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    Spieth 'blacked out' after Travelers holeout

    By Will GrayJune 19, 2018, 9:44 pm

    CROMWELL, Conn. – It was perhaps the most-replayed shot (and celebration) of the year.

    Jordan Spieth’s bunker holeout to win the Travelers Championship last year in a playoff over Daniel Berger nearly broke the Internet, as fans relived that raucous chest bump between Spieth and caddie Michael Greller after Spieth threw his wedge and Greller threw his rake.

    Back in Connecticut to defend his title, Spieth admitted that he has watched replays of the scene dozens of times – even if, in the heat of the moment, he wasn’t exactly choreographing every move.


    Travelers Championship: Articles, photos and videos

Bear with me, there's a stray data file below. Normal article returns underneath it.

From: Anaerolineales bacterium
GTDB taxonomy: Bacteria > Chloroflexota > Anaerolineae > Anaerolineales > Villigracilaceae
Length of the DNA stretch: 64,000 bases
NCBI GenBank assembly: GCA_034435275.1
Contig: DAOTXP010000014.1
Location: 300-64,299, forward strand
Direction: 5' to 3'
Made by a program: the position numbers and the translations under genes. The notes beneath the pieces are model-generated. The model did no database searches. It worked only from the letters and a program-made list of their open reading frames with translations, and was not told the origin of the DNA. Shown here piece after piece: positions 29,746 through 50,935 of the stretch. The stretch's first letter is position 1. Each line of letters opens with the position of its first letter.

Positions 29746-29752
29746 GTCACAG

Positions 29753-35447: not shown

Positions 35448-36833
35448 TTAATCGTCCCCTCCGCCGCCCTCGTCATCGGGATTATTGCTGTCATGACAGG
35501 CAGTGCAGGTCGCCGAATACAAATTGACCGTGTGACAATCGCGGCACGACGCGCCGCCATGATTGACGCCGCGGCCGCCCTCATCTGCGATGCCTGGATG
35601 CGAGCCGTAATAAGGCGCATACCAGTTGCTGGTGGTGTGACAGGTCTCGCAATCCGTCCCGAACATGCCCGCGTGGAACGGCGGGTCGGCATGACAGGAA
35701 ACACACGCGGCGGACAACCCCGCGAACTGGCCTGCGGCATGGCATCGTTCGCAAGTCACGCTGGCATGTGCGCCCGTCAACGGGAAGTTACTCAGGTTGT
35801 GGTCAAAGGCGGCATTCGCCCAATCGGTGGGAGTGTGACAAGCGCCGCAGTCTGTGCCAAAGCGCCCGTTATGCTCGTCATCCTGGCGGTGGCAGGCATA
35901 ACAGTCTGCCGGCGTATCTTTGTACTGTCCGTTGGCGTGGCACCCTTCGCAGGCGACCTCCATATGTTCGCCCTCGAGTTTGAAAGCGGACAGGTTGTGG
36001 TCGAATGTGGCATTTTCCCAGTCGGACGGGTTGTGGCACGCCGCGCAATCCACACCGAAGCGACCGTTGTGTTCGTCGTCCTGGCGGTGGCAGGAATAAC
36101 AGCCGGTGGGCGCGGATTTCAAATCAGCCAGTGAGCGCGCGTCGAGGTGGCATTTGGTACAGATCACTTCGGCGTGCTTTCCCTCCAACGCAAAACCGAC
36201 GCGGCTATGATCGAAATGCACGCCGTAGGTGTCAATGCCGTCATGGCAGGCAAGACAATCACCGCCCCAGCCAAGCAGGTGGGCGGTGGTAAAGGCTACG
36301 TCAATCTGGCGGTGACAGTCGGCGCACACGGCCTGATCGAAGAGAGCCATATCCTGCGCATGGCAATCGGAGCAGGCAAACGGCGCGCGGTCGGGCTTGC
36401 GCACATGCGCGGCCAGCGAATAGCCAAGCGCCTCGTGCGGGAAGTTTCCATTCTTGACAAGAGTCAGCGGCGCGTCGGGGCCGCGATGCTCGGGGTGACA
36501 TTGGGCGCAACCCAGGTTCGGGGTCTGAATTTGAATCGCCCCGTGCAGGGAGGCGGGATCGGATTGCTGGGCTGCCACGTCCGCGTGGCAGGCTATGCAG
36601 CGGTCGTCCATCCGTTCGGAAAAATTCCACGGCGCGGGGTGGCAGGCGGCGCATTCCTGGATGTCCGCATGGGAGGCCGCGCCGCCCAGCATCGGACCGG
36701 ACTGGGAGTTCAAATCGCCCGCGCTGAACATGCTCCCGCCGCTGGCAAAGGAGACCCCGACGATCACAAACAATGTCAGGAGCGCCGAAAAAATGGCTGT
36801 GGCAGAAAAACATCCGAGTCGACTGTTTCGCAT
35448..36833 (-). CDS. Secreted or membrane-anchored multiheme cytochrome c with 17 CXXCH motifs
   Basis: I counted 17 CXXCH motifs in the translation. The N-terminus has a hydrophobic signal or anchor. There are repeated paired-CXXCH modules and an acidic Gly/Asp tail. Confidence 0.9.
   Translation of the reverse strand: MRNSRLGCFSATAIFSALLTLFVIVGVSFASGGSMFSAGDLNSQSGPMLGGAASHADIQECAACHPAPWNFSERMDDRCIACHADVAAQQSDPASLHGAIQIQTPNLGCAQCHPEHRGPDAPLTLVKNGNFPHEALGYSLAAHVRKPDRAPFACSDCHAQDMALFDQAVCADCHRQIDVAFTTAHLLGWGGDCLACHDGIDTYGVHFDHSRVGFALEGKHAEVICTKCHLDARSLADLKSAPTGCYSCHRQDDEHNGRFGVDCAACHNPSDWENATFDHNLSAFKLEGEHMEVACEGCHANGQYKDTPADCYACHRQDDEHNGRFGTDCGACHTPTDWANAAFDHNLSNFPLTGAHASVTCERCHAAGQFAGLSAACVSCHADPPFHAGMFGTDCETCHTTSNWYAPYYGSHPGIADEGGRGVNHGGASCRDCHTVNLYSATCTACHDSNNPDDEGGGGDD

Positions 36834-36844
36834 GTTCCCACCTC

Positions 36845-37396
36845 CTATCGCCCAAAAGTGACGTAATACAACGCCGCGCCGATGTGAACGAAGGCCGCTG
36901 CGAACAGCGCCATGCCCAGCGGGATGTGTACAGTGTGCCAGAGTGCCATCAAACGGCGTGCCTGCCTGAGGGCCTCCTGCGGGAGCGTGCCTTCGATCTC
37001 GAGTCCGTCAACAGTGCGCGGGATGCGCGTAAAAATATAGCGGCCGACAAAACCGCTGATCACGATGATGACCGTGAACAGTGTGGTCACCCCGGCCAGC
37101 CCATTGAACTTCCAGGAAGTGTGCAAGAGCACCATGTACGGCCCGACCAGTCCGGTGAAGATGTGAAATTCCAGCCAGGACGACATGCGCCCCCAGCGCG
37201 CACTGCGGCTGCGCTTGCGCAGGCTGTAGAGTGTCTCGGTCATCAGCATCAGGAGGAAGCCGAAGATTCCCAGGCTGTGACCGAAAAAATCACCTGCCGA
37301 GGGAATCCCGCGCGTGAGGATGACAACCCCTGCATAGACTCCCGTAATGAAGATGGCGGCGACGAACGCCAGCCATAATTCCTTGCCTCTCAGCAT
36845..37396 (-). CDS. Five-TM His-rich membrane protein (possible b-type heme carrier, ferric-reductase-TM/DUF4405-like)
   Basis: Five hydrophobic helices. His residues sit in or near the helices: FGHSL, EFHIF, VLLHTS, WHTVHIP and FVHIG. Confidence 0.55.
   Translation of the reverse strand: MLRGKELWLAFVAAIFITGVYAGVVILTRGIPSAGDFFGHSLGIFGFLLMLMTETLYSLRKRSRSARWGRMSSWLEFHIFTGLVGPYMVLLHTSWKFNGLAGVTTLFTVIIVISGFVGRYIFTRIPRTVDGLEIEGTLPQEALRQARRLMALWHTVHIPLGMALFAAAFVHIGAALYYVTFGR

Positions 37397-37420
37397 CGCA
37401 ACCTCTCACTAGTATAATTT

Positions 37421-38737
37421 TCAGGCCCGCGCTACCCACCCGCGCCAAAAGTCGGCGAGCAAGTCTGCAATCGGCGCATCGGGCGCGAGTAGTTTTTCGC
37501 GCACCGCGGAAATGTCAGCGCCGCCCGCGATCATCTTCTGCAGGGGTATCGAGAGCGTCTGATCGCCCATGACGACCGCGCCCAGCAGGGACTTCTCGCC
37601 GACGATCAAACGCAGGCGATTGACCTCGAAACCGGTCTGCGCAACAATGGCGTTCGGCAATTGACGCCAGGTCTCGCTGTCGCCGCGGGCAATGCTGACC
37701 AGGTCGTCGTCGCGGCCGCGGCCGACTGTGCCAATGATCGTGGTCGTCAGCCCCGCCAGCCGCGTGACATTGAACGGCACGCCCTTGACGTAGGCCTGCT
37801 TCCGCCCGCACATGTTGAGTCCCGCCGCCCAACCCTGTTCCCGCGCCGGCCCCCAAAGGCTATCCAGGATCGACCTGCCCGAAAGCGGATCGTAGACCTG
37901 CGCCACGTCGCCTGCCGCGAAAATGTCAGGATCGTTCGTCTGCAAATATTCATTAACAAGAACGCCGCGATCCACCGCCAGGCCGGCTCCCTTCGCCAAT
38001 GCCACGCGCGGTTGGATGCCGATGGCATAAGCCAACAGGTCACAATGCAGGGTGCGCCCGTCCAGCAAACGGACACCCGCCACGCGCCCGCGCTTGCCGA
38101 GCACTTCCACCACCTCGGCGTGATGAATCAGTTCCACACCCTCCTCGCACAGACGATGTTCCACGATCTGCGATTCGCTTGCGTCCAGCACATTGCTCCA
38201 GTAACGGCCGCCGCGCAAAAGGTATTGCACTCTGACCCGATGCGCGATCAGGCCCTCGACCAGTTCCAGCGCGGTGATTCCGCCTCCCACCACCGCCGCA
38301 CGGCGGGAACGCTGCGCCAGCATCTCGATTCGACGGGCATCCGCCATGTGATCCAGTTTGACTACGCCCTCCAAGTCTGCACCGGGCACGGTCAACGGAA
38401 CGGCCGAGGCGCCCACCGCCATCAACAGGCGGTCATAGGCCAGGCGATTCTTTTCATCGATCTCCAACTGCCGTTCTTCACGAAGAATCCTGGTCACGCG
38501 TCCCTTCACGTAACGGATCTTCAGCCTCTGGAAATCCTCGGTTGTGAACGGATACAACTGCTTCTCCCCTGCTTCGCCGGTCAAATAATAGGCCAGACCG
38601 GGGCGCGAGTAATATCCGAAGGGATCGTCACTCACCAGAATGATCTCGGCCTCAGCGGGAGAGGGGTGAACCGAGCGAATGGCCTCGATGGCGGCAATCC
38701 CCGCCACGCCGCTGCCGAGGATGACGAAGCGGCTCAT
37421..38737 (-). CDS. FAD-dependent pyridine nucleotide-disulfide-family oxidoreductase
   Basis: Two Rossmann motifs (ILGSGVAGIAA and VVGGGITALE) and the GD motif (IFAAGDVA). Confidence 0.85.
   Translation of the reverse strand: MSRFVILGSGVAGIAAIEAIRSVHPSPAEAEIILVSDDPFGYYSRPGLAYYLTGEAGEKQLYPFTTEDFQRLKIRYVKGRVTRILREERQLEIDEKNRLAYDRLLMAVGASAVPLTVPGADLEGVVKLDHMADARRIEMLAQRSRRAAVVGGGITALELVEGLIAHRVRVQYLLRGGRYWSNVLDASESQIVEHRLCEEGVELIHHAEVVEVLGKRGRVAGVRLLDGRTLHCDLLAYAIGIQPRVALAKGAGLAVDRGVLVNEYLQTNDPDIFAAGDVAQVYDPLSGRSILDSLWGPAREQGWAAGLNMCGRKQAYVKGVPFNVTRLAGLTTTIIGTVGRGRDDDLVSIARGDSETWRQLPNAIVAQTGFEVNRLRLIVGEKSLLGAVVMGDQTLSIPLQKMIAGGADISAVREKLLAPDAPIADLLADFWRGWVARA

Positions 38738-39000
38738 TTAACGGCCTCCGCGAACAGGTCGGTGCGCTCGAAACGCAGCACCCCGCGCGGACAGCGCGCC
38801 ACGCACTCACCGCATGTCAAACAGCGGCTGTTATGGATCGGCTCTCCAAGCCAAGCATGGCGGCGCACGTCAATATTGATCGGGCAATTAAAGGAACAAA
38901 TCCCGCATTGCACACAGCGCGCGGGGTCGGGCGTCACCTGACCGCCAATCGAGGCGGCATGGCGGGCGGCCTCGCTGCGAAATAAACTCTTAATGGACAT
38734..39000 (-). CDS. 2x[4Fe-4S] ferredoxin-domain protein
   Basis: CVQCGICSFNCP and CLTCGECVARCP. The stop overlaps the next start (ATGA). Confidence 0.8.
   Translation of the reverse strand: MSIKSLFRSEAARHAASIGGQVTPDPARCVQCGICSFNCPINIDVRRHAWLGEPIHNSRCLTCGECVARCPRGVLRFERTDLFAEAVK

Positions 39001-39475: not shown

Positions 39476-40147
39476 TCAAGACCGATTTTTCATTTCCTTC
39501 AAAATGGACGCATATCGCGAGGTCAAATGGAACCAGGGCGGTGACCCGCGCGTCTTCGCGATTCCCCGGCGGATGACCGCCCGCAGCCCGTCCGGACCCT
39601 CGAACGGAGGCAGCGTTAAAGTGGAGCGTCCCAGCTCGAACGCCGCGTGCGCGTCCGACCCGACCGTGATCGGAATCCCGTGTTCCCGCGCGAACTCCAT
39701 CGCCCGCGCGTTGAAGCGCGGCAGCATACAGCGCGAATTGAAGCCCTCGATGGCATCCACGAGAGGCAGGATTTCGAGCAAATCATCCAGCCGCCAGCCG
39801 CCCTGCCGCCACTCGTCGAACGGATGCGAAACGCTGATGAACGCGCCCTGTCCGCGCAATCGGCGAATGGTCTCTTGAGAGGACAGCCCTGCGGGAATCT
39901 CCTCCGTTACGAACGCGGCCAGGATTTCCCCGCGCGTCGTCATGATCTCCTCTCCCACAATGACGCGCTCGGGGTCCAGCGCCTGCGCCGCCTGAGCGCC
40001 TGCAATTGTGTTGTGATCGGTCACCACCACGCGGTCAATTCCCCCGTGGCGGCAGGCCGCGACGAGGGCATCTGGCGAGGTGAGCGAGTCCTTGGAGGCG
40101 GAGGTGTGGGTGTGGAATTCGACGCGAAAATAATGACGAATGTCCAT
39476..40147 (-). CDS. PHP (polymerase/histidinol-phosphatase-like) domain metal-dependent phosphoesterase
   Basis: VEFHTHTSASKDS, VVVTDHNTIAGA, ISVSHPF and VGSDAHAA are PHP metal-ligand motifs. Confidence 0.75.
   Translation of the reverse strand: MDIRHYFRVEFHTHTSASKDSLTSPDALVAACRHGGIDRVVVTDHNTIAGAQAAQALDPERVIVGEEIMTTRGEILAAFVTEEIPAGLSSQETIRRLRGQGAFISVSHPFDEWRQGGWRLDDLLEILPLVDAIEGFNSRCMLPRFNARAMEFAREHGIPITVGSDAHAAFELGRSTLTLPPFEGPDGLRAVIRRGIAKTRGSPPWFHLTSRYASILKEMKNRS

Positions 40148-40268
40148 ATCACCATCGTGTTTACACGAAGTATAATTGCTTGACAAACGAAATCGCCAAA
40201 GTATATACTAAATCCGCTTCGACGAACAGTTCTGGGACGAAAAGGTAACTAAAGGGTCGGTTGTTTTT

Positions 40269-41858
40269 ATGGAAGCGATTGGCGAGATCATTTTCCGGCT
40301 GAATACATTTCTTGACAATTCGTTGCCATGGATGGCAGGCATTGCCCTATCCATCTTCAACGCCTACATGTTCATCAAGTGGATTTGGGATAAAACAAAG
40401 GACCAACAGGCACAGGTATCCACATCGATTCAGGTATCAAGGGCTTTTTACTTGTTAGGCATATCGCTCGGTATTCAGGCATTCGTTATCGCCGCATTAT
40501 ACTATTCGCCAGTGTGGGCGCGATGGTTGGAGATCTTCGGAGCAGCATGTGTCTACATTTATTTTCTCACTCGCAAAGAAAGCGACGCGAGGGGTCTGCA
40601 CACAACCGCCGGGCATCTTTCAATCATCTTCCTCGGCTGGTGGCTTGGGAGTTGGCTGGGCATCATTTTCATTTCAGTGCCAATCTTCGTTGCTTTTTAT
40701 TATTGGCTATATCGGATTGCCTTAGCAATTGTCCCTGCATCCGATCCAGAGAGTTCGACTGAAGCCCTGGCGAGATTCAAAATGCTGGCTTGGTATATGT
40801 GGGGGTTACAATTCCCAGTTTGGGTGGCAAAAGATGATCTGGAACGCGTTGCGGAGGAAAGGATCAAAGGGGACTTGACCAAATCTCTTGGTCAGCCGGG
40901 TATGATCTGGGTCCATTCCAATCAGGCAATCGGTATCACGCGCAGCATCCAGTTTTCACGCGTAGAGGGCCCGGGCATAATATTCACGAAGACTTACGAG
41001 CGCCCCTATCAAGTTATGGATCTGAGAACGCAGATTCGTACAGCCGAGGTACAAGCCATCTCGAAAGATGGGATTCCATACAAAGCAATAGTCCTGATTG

“Just that celebration in general, I blacked out,” Spieth said. “It drops and you just react. For me, I’ve had a few instances where I’ve been able to celebrate or react on a 72nd, 73rd hole, 74th hole, whatever it may be, and it just shows how much it means to us.”

    Spieth and Greller’s celebration was so memorable that tournament officials later shipped the rake to Greller as a keepsake. It’s a memory that still draws a smile from the defending champ, whose split-second decision to go for a chest bump over another form of celebration provided an appropriate cap to a high-energy sequence of events.

    “There’s been a lot of pretty bad celebrations on the PGA Tour. There’s been a lot of missed high-fives,” Spieth said. “I’ve been part of plenty of them. Pretty hard to miss when I’m going into Michael for a chest bump.”